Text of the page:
Gov. Gregoire’s budget proposal would ax $2 million from the State Library, resulting in 31 full-time or part-time workers losing their jobs. That’s one-third of the library’s staff. The jobs lost would impact the library’s reference desk, the acquisition and cataloguing of material and preservation of old newspapers. It also would mean cuts to the braille staff and other positions, including the lone children’s librarian, at the Washington Talking Book & Braille Library in Seattle.
If these proposed cuts become reality, they could also jeopardize federal grant funding for several programs that benefit local libraries throughout Washington. (more…)
The folks at the State Library are offering a new and very helpful online program called Wayfinder that can let you search for something among millions and millions of items found in many libraries throughout Washington. Wayfinder is an online catalog that provides a single search for locating materials owned by the participating Washington libraries.
The catalog contains information on the collections of more than 250 public, academic, government, law, medical, corporate, special and tribal libraries throughout the state. Combined, these libraries hold more than 17.8 million items in various formats: books; newspapers, magazines and journals; movies; CDs; DVDs; digital objects such as electronic documents, subscription research databases, or historical items that have been scanned and made available on the Web; books in audio and large-print formats, and much more.
“If you’re a researcher or a student looking for a tough-to-find item, the Wayfinder catalog will be especially useful by helping you pinpoint where you can find it,” said Will Stuivenga, the State Library’s Wayfinder manager.
There is exciting news coming out of the Washington Talking Book & Braille Library in downtown Seattle: WTBBL just received its first shipment of digital talking book machines. These new machines (DBMs) represent a huge transition for WTBBL and the National Library Service for the Blind and Physically Handicapped, and it marks a major advancement in technology. In fact, WTBBL Program Manager Danielle King said it’s the biggest thing that WTBBL and the NLS have done in 30-35 years.
As you can guess, it’s a big deal for WTBBL’s many patrons. They are thrilled and cannot wait to get their new digital talking book machines. For years, the WTBBL patrons have had to use cassette tape players to listen to talking books (imagine having to listen to music on cassette tapes or an 8-track player instead of a CD or MP3), so this is a definite step forward.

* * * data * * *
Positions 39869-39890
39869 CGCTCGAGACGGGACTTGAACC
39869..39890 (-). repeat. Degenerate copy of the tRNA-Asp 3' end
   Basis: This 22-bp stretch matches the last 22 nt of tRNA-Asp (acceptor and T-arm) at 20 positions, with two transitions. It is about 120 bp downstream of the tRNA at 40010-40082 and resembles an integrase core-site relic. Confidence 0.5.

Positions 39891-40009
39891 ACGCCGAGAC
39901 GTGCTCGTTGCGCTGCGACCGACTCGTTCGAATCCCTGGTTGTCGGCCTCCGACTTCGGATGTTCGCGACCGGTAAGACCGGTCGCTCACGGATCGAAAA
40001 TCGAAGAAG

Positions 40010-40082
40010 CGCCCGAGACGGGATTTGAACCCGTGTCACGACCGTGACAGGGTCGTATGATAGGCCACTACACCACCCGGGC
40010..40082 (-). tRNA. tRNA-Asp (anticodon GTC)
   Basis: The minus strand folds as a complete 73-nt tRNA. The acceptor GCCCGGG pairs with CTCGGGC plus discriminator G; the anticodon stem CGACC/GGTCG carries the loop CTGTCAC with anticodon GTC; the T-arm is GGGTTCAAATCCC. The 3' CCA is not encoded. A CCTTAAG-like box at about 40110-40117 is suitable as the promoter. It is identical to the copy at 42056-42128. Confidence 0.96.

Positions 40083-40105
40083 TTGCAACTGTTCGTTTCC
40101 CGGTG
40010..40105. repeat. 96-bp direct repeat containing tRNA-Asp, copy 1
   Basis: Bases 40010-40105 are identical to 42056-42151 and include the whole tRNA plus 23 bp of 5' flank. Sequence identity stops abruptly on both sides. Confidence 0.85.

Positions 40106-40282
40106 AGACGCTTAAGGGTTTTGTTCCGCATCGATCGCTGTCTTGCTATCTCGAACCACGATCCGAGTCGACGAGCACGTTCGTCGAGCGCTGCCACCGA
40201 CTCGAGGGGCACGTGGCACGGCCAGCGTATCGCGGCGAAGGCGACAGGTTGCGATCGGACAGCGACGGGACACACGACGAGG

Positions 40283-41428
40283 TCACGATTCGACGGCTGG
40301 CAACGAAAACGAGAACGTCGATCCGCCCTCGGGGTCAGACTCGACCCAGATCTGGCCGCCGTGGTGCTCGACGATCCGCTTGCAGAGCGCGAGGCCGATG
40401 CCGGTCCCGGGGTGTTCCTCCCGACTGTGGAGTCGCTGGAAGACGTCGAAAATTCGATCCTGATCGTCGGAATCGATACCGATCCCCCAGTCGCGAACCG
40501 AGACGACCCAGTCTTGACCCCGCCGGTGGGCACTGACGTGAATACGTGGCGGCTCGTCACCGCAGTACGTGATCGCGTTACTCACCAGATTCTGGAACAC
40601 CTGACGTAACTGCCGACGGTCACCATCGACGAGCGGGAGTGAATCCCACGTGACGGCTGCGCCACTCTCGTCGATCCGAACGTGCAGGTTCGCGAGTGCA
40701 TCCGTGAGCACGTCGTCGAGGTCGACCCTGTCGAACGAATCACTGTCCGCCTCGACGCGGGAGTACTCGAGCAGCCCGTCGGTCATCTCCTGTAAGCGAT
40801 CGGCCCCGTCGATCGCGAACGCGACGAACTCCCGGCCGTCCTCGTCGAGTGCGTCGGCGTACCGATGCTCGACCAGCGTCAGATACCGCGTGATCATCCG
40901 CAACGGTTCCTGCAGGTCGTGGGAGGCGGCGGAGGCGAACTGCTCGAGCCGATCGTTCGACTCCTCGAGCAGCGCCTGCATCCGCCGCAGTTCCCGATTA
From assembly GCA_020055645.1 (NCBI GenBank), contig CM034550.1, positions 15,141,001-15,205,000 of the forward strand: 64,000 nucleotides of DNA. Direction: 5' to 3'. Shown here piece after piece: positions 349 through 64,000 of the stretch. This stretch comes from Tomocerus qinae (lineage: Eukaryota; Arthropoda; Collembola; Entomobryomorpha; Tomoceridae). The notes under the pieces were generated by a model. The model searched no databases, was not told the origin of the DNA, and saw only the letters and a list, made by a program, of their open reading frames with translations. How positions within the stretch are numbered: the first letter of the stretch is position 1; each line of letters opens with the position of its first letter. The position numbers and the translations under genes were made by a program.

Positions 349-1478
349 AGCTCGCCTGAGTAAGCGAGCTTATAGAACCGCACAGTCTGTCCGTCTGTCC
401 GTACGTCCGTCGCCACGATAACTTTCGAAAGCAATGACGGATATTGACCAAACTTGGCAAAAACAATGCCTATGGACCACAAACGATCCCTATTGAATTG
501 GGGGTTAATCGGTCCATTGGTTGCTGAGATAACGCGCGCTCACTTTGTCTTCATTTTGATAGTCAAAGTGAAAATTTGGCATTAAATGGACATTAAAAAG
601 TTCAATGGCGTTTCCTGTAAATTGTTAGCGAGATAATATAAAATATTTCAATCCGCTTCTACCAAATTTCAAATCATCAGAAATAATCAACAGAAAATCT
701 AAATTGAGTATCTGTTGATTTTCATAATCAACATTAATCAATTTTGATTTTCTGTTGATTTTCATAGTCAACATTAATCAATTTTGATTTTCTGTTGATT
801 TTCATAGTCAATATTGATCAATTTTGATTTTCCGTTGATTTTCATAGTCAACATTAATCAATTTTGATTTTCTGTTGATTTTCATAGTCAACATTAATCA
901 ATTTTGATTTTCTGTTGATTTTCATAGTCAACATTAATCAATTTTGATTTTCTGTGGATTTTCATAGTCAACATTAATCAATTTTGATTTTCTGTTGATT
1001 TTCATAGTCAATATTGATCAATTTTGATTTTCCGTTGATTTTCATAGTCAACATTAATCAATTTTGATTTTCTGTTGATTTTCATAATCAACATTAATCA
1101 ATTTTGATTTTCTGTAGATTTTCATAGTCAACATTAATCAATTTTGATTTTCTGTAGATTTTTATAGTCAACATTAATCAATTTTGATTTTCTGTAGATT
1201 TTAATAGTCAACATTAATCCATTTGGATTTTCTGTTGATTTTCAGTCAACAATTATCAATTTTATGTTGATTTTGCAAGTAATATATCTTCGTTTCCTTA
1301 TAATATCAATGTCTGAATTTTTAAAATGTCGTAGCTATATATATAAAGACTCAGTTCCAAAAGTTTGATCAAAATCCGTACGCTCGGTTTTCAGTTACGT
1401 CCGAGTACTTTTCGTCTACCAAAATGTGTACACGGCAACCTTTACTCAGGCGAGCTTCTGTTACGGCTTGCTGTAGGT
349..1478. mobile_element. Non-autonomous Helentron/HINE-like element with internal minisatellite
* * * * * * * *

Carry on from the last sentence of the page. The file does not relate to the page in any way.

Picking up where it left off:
Last Friday, Danielle hand-delivered a few of these digital talking book machines to some veterans in the Seattle area. (Federal law mandates that the players first go to veterans.) One of her deliveries was to Mary Tift, a 96-year-old woman who is a huge user of WTBBL’s services. As you can imagine, Mary (pictured with Danielle) was thrilled to receive the digital player.
WTBBL patrons with these new digital players will receive, upon request, a blue plastic case containing a cartridge that is played by the digital player. WTBBL and NLS also have large online collections of audio books that patrons can download from their computer to a flash drive to play on the digital player.
To learn more about WTBBL, go here . WTBBL is part of the Washington State Library, which is a division of the Office of Secretary of State.
The Washington State Library has merged its five library program blogs into one big blog dedicated to everything libraries: books (of course), tips for librarians, the latest and greatest in library development, technology buzz, news for library users, and more.
We have contributing library staffers from our library branches in state prisons, Library Development and Public Services team, Research and Development crew and the Washington Talking Book and Braille Library.
It’s a great way to keep up-to-date for librarians, educators and those who just love reading and research.
Get hooked at http://blogs.secstate.wa.gov/library/
Months ago, we started tracking how people across Washington are relying on libraries more than ever during this deep recession. That theme was picked up by NBC’s “Today Show” on Thursday with a segment called “Beyond books: Libraries lend a hand during recession.” The special report says 68 percent of Americans have a library card today, the highest percentage in many years.
Some of the key points:
- Some people who lost their job can’t afford to buy a new computer, or if they already own a computer, they can no longer afford to pay for Internet service. In either case, they rely on using library computers to help search for a new job or for other important purposes.
- Libraries provide free entertainment for kids through story time and other child-focused programs.
- More people are checking out CDs and DVDs.